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A slightly stronger oil and gas labour market has been reported for the second quarter of 2013 compared to the first, according to the Hays Oil & Gas Global Job Index. In Australasia the Index stood at 1.42 at the end of June, up from 1.29 three months prior, meaning more oil and gas jobs are now available.
The Index charts the number of jobs posted on nine oil and gas portals across the world. Globally it was at 1.69 in June, which was consistent with where it stood at the end of the first quarter (March) at 1.68.
John Faraguna, global managing director of Hays Oil & Gas, commented: “Globally the general sentiment in the industry is neutral. The global economy remains in recovery mode, but we do see good signs of improvement in many regions around the world which should bode well for energy demand in the next few years.”
One of these regions is Australasia, where the slight upturn in the Index was due to the production readiness of some of the major gas projects in both Queensland and Western Australia. Outside of this, pipeline construction stood out as another area of job generation. The design-sector remained somewhat stagnant.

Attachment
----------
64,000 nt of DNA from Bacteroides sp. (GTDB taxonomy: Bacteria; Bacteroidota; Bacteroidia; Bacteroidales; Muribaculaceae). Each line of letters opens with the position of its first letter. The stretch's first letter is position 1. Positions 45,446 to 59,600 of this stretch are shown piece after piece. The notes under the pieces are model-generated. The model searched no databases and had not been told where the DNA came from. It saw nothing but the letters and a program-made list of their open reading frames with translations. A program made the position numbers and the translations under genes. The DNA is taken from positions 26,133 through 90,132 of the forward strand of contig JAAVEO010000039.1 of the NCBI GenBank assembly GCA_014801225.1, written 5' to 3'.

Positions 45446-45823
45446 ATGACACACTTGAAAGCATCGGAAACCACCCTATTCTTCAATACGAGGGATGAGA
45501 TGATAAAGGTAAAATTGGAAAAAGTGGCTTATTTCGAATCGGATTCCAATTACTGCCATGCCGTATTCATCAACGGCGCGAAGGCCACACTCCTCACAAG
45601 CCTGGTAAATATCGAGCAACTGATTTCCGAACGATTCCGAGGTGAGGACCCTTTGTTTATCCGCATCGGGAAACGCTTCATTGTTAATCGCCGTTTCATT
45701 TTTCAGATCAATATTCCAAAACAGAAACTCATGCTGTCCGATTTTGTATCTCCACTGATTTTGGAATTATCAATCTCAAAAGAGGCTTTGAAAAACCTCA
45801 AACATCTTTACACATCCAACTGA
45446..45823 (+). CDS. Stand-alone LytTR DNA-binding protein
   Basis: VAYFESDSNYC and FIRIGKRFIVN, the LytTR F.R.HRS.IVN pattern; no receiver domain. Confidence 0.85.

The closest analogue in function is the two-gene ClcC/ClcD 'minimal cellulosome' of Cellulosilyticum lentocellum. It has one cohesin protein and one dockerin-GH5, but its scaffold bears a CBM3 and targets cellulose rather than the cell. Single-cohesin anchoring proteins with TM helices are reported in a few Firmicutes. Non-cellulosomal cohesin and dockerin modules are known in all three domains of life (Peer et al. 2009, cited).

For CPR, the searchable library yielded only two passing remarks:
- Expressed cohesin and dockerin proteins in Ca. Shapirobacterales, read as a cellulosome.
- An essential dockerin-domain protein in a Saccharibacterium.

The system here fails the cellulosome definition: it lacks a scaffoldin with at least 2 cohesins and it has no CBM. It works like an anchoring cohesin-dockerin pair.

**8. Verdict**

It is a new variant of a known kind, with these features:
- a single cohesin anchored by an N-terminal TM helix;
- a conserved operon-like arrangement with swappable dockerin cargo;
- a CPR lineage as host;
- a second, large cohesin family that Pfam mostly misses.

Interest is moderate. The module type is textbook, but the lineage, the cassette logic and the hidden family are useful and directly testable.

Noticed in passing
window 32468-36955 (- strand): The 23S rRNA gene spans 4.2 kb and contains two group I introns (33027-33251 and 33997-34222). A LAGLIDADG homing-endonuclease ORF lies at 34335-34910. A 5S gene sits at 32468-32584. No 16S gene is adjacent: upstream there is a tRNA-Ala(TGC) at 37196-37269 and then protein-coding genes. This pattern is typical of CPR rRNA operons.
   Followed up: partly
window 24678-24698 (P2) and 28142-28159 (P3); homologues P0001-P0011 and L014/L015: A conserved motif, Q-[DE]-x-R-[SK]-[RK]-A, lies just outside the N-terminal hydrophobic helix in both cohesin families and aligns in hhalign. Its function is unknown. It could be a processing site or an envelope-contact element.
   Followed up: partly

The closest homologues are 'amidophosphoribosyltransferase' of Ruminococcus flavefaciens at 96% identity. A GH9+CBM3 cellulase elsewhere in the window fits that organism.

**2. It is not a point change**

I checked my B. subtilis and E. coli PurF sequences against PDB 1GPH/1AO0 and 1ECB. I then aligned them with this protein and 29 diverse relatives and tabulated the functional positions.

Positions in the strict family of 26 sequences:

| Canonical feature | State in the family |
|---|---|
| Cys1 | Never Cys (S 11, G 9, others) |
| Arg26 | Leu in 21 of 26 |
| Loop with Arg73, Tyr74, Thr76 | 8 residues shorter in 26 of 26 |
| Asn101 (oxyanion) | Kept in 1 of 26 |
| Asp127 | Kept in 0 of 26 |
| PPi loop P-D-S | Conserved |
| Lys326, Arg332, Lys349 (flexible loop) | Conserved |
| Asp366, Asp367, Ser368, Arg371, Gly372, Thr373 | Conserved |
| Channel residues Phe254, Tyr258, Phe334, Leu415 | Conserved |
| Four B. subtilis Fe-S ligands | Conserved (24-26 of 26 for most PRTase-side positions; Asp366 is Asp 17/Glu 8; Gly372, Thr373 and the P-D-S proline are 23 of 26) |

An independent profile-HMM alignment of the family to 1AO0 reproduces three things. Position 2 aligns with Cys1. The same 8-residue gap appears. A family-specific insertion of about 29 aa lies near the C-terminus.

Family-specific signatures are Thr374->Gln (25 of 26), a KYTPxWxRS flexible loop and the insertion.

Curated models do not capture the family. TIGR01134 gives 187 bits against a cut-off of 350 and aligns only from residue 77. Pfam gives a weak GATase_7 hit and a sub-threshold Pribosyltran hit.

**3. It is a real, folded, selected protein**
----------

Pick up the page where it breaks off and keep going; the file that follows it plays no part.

Simon Winfield, Senior Regional Director of Hays Oil & Gas in Australia, said: “As go-live dates creep ever closer for a number of large Liquefied Natural Gas (LNG) projects, candidates with proven LNG production and operations experience are becoming increasingly sought after. As we move into 2014, this demand will shift towards maintenance and reliability to ensure that production levels are met and maintained. Similarly, contracts specialists and QA/QC individuals are currently in demand as projects near completion and potential cost overruns are monitored closely.”
“The requirement for experienced unconventional Drilling Engineers and Supervisors continues with a strong focus on CSG in Queensland and shale gas in the Northern Territory. Geoscience professionals, in particular geophysicists, prove particular difficult to identify. Lastly, experienced pipeline construction and pipeline testing engineers are in demand as commissioning dates for large LNG plants draw closer,” Mr Winfield added.